This article is written by students Christina Lauri and Christabel Borg
“Prayer Spaces in schools enable children and young people, of all faiths and none, to explore life questions, spirituality and faith. Taking a broadly Christian perspective as a starting point, prayer spaces give children and young people an opportunity to develop skills of personal reflection and to explore prayer in an open, inclusive, creative and safe environment.”
Fr Reuben Gauci, Co-ordinator for Spiritual Development in Schools, made this comment to Newsbook.com.mt. He said that for this season of Lent, prayer spaces can be an opportunity for both adults and children to delve deeper into the meaning of our salvation.
Encourage personal reflection
The Prayer Spaces usually occupy a classroom-sized area that has been transformed for a few days or a week with a range of creative activities that encourage personal reflection on issues such as forgiveness, injustice, thankfulness, big questions, identity and stillness.
In some schools, teachers bring their students for a subject-lesson in the prayer space. In other schools, students are invited to visit the prayer space voluntarily, during their breaks and lunchtimes.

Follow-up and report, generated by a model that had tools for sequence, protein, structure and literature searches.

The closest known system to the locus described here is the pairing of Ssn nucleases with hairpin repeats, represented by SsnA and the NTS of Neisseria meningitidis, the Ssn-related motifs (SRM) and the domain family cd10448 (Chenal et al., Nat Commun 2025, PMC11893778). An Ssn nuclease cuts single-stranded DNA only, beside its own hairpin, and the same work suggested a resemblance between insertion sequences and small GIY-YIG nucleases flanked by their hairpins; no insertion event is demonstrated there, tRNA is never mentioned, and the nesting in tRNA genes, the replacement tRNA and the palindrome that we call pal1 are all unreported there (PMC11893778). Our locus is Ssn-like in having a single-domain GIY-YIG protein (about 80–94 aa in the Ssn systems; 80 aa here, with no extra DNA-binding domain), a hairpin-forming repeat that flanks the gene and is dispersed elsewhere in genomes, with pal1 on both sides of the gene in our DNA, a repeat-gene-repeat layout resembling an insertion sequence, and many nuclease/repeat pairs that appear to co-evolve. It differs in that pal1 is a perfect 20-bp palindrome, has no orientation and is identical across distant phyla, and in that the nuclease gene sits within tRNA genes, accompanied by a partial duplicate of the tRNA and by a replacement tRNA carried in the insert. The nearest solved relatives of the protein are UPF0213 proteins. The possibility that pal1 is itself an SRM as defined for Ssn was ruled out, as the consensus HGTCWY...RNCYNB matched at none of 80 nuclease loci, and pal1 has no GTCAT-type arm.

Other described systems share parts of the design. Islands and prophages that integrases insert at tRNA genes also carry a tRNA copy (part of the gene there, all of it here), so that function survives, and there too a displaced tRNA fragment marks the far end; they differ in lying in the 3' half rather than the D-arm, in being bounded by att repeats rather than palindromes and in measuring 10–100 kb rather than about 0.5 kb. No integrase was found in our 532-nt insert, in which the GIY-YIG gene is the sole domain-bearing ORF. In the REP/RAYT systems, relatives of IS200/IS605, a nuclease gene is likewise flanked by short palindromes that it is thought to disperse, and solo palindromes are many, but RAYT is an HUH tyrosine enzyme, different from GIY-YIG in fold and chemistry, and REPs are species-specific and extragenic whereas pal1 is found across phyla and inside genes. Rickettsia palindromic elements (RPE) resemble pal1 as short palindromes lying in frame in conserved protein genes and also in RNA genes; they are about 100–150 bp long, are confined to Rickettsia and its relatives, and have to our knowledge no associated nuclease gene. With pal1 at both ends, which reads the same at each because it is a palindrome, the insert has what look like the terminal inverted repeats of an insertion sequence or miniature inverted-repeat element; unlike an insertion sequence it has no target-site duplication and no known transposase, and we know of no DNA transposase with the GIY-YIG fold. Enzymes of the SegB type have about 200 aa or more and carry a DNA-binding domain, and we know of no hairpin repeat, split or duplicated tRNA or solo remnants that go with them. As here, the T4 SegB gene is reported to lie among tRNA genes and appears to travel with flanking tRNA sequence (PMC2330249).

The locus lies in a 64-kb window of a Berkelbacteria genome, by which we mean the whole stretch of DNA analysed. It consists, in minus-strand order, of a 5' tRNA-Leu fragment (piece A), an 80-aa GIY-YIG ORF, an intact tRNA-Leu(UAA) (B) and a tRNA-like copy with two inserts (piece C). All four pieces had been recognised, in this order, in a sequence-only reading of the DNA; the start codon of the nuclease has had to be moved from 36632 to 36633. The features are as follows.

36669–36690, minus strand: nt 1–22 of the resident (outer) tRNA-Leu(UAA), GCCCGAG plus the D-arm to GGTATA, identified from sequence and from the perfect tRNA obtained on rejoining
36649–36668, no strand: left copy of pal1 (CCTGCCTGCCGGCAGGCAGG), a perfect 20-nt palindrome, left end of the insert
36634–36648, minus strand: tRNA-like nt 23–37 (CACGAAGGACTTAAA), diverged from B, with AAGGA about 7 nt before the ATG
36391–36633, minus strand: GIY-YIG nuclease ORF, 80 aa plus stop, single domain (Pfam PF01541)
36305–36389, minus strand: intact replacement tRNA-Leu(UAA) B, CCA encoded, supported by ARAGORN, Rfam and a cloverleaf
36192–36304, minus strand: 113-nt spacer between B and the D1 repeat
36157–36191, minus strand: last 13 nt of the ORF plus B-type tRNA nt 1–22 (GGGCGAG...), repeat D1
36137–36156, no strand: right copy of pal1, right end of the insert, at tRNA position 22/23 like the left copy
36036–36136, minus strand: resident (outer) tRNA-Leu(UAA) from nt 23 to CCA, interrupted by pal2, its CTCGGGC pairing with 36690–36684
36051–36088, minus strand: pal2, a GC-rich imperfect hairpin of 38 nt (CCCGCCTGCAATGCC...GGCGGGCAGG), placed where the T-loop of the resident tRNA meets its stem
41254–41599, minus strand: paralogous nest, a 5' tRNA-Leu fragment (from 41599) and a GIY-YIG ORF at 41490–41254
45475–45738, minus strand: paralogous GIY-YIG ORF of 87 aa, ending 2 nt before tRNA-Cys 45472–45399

A group of altar boys and girls from the San Gużepp Ħaddiem of Birkirkara, took initiative and for this year’s Lent decided to create a prayer space in the church’s sacristy.
Fr Gauci told Newsbook.com.mt that the prayer space would generally include a card with instructions and some materials that can help the student to pray. One can express prayer of appreciation, for example, by drawing or writing on a piece of paper that will later be put on a board. Silent adoration to the Eucharist and the sacrament of reconciliation were also included when it was appropriate.
Prayer Spaces in schools was promoted by the 24-7 prayer movement which started in England and spread to many countries around the world. Fr Paul Chetcuti SJ, who was responsible for the spiritual development in Church schools and Fr Reuben Gauci, who is responsible for the spiritual development in State and Independent schools introduced the initiative to Malta.
Today, a team for prayer spaces made up of educators in Malta, from all sectors of schools is formed and its’ aim is to promote prayer spaces in schools and also during, among others, Notte Bianca and the Skola Sajf Programme. For updates one can access Prayer Spaces Malta’s Facebook page.
A number of parishes also organise Prayer Spaces. The Birkirkara San Ġuzepp Ħaddiem Parish Church is organising them for the first time and the Spaces are open during the weekend throughout Lent.For further information one can visit the church’s Facebook page or call on 21483245.